Faculty-led field-based courses provide opportunities for students to explore practical applications to classroom learning and research.
Every academic year, The Brown School offers up to three field-based courses taught partially abroad, which provide Brown School students and faculty the opportunity to learn, apply knowledge and collaborate with professionals in communities around the world.
The menu of courses changes each based on faculty proposals that must go through a selection process. Each course utilizes the Transdisciplinary Problem Solving format that is a key feature of the School’s curriculum, emphasizing the way insights and methods from various disciplines can contribute to addressing a contemporary challenge.
Students from all three programs are invited to apply to this competitive application process and are then matched to the program that best aligns with their academic interests and career goals. Travel costs for each of the programs are subsidized by the Brown School, to make these experiences as accessible as possible. Select students also have the opportunity to extend their stay and pursue an international practicum placement. The travel component takes place over breaks from the academic school year, such as Winter Break, Spring Break and Summer Break.
These are the courses being offered in 2023. You can also find more information and apply here.
The course is grounded in the Global Classroom concept of “distributed learning” that mobilizes the power of a diverse set of learners to collectively explore the multifaceted challenges associated with organized efforts to protect children and promote their well-being in humanitarian settings. It will emphasize global standards and best practice; the value of local, culturally-grounded voices/experience; collaborative workspaces and dialogue; and locally-informed investigations or assignments. The course format will include classroom lectures, discussion seminars, sites visits and data collection in Colombia. The course structure will combine classroom instruction with experiential learning provided through field visits to displaced communities and NGOs.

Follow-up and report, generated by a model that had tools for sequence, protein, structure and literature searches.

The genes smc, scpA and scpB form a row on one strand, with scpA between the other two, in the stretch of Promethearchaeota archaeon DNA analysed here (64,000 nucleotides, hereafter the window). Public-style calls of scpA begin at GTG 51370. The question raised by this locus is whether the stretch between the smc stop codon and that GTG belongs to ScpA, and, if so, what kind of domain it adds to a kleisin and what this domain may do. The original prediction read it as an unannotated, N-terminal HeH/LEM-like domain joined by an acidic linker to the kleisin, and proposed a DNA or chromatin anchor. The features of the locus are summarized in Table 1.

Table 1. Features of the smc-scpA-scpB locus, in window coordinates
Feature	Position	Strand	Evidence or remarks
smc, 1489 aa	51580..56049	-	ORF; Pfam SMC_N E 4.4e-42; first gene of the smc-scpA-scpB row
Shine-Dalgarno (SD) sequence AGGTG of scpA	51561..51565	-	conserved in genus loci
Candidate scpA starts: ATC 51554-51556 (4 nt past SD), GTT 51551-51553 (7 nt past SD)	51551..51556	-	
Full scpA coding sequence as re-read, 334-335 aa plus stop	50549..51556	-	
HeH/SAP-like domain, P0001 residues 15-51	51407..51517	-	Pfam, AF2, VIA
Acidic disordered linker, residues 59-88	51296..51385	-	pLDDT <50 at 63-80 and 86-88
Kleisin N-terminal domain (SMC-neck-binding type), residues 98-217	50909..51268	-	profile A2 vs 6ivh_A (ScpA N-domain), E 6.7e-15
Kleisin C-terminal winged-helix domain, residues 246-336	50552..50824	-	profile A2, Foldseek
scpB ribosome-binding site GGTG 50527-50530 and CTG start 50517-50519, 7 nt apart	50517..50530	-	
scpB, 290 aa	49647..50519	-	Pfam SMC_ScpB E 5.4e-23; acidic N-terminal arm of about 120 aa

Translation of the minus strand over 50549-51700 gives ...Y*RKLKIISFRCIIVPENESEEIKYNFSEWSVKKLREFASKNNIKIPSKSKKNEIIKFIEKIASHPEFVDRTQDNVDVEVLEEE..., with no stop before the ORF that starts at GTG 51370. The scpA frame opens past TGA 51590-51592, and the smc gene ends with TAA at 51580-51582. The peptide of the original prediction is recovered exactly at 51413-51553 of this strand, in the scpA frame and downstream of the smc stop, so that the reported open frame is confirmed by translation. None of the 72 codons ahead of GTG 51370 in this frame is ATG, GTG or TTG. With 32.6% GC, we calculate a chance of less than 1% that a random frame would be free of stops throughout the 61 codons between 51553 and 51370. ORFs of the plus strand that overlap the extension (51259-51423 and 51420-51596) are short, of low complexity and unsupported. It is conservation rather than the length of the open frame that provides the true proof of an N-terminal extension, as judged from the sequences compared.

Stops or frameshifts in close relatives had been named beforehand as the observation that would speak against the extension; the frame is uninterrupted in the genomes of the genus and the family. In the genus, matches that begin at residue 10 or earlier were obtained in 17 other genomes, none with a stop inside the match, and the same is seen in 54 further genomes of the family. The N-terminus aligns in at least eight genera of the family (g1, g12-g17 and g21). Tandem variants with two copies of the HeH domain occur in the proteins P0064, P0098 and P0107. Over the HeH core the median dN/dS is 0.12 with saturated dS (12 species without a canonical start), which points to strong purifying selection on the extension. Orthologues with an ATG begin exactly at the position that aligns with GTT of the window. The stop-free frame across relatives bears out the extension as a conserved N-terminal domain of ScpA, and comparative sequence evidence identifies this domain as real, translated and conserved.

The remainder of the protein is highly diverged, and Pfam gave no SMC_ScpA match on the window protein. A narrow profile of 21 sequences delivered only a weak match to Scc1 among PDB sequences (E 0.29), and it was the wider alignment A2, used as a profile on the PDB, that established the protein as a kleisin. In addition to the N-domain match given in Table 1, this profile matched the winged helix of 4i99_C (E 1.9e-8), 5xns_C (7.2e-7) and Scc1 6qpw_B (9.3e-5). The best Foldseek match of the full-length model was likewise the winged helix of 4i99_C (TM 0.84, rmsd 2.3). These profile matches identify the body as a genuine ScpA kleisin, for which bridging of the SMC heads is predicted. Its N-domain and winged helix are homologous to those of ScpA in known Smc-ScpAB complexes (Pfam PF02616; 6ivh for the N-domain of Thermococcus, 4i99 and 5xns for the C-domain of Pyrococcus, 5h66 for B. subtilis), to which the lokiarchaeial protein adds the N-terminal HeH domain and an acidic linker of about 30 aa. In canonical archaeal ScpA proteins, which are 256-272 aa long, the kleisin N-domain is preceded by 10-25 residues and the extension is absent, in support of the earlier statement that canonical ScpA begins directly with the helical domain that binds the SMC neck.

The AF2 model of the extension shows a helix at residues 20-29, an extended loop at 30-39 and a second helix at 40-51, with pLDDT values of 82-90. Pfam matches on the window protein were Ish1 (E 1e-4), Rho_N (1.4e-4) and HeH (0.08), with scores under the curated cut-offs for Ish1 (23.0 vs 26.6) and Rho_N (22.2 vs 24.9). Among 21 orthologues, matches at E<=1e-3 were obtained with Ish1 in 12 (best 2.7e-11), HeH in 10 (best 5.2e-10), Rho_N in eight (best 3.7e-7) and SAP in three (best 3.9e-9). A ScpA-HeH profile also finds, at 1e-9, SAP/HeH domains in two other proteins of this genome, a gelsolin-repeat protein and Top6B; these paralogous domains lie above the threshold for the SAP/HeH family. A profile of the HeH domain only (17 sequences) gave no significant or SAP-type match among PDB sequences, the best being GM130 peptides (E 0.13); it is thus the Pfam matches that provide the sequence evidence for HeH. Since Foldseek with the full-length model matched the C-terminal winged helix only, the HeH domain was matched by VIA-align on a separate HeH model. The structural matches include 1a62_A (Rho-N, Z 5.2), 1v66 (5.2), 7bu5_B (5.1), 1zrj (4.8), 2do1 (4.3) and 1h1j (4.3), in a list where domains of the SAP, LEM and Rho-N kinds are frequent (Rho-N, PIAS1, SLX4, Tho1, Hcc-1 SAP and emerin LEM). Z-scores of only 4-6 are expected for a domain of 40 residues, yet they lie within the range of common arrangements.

This course will build on the topics of Social Entrepreneurship, Social Innovation, and Social Work with the refugee and migrant population. The course is structured to introduce students to the responses and unfolding of the refugee influx to Germany, and challenges that the public health, social work, and urban development sectors face with regards to global population displacement.
This course will employ lessons from diverse fields including, but not limited to, agriculture, forestry, energy production, environmental economics, domestic and international policy, ecology, resource management, and human health. The course introduces perspectives from the natural and social sciences, arts and humanities, and professional disciplines and explores how their interconnection increases the prospects for creating a more sustainable future. The course will be taught in Costa Rica at Earth University.
This course will travel to Brazil over spring break and introduce students to understanding LGBTQ human rights and policy issues from an international perspective, with a strong focus on intersectional experiences of race, ethnicity, gender and sexuality. South America is undergoing a major cultural shift in the areas of gender related issues and sexual identity, moving from a conservative, male heterosexual dominated culture to a more open, liberal, and gender equal society. Several South American countries, such as Brazil, have been the unexpected global leaders in the advancement of the personal and political rights of their LGBTQ and ally citizens. Through exposure to other cultures and intensive discussion on LGBTQ international experiences displayed throughout this course, students will improve their awareness and understanding of the political, economic, social, and cultural contexts through an LGBTQ developmental experience lens, using Brazil as a point of study.